ASIC eases reporting requirements for AFS licensees
ASIC excluded certain breaches related to misleading or deceptive conduct and false or misleading representations from being automatically reportable as significant breaches. In addition, AFS licensees now have up to 90 days, up from the original 30 days, to report a situation similar to one previously filed with the regulator.
The Australian Securities and Investments Commission (ASIC) has amended obligations under the reportable situations regime for Australian Financial Services (AFS) licensees and Australian credit licensees.
The changes, encapsulated in the ASIC Corporations and Credit (Amendment) Instrument 2023/589, are slated to come into effect from October 20, 2023.
ASIC narrows scope of what constitutes a reportable breach and gives more time
Under the existing reportable situations framework, licensees are required to notify ASIC about what are deemed ‘significant’ breaches of ‘core obligations.’ These core obligations are specified under section 912D of the Corporations Act 2001 and section 50A of the National Consumer Credit Protection Act 2009.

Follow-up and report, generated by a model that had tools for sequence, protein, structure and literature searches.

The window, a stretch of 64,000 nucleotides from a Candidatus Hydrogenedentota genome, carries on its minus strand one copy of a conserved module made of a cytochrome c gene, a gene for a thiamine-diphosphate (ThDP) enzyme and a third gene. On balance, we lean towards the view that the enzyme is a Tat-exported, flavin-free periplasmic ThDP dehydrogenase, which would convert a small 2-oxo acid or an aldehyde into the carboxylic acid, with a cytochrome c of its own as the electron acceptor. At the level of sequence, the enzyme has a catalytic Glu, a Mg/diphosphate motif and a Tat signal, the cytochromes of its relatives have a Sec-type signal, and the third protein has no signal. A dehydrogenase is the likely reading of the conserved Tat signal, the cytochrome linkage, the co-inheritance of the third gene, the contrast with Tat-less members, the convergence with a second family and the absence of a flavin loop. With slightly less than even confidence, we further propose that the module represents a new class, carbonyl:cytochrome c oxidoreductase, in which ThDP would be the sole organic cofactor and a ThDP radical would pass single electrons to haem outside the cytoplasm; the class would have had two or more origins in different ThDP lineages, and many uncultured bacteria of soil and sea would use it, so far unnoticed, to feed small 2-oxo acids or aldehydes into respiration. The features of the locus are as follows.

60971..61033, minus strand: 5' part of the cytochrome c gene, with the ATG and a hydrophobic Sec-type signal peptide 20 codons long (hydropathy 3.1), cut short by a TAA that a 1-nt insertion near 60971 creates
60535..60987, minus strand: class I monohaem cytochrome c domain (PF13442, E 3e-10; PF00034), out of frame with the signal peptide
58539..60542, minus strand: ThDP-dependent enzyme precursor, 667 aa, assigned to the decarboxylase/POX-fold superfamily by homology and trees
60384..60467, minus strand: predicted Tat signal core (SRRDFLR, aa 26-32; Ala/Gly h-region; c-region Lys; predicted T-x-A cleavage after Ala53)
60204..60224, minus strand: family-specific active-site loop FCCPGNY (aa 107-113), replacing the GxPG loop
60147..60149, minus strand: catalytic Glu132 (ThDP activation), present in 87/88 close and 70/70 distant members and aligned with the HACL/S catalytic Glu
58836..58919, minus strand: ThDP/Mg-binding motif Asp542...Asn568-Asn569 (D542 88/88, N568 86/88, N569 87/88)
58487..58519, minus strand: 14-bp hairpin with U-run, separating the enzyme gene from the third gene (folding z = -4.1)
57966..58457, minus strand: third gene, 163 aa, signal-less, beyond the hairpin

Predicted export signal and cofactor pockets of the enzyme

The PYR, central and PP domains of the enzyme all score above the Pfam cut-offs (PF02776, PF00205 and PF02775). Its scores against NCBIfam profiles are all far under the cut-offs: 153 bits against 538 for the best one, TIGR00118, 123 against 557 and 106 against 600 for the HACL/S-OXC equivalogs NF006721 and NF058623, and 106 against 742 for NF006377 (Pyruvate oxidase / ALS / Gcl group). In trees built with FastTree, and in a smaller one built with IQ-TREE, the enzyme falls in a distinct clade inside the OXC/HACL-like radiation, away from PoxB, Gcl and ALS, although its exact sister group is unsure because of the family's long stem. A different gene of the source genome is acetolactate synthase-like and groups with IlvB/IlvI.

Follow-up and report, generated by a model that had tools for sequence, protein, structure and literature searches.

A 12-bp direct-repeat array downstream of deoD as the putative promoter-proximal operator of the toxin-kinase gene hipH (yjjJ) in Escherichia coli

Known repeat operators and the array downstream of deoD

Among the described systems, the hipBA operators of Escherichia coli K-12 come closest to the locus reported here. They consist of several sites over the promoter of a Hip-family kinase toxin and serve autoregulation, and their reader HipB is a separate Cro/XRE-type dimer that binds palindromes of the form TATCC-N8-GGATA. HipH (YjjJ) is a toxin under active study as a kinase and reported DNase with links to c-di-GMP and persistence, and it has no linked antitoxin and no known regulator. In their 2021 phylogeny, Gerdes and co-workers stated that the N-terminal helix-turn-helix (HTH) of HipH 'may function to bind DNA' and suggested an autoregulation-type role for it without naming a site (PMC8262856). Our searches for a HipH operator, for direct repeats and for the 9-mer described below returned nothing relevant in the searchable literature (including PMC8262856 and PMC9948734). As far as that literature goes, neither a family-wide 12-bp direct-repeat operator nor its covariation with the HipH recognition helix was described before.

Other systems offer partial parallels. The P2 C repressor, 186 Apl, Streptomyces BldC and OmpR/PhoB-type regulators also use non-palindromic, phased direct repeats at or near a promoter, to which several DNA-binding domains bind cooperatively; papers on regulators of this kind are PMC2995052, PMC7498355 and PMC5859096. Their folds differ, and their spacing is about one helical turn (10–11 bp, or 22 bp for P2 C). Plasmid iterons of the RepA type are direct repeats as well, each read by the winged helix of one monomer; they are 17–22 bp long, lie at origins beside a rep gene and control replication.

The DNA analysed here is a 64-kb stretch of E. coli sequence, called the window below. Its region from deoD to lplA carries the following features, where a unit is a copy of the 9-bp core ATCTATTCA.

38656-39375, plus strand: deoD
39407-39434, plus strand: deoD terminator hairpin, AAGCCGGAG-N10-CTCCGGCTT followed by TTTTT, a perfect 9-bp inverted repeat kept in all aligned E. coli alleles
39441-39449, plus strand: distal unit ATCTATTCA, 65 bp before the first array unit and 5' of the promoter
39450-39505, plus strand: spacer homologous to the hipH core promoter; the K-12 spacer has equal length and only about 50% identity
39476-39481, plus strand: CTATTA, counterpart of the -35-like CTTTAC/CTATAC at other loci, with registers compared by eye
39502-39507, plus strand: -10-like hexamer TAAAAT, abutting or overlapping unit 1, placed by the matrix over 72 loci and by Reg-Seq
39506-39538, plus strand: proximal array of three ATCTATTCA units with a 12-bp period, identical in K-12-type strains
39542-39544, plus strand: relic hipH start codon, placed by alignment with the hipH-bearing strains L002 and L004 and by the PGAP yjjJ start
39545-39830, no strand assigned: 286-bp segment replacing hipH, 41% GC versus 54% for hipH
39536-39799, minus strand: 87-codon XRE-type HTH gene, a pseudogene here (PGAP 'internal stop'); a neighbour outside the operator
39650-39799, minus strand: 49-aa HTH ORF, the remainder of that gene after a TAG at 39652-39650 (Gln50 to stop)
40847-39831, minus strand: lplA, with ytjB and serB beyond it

The amendment modifies this requirement by excluding certain breaches related to misleading or deceptive conduct and false or misleading representations from being automatically reportable as significant breaches. To qualify for these exclusions, the breach must satisfy specific conditions, including a limited impact on only one person or jointly held financial or credit products, no likelihood of resulting in financial loss, and not giving rise to any other reportable situation.
Another notable change is the extension of the time limit for reporting a situation that has the same or similar underlying circumstances as a previously reported situation. Licensees now have up to 90 days, up from the original 30 days, to file such a report with ASIC.
These amendments come as part of an ongoing effort to streamline regulatory compliance while ensuring consumer protection and market integrity. By narrowing the scope of what constitutes a reportable breach, ASIC aims to focus its supervisory efforts on more severe infringements that have broader implications for market participants.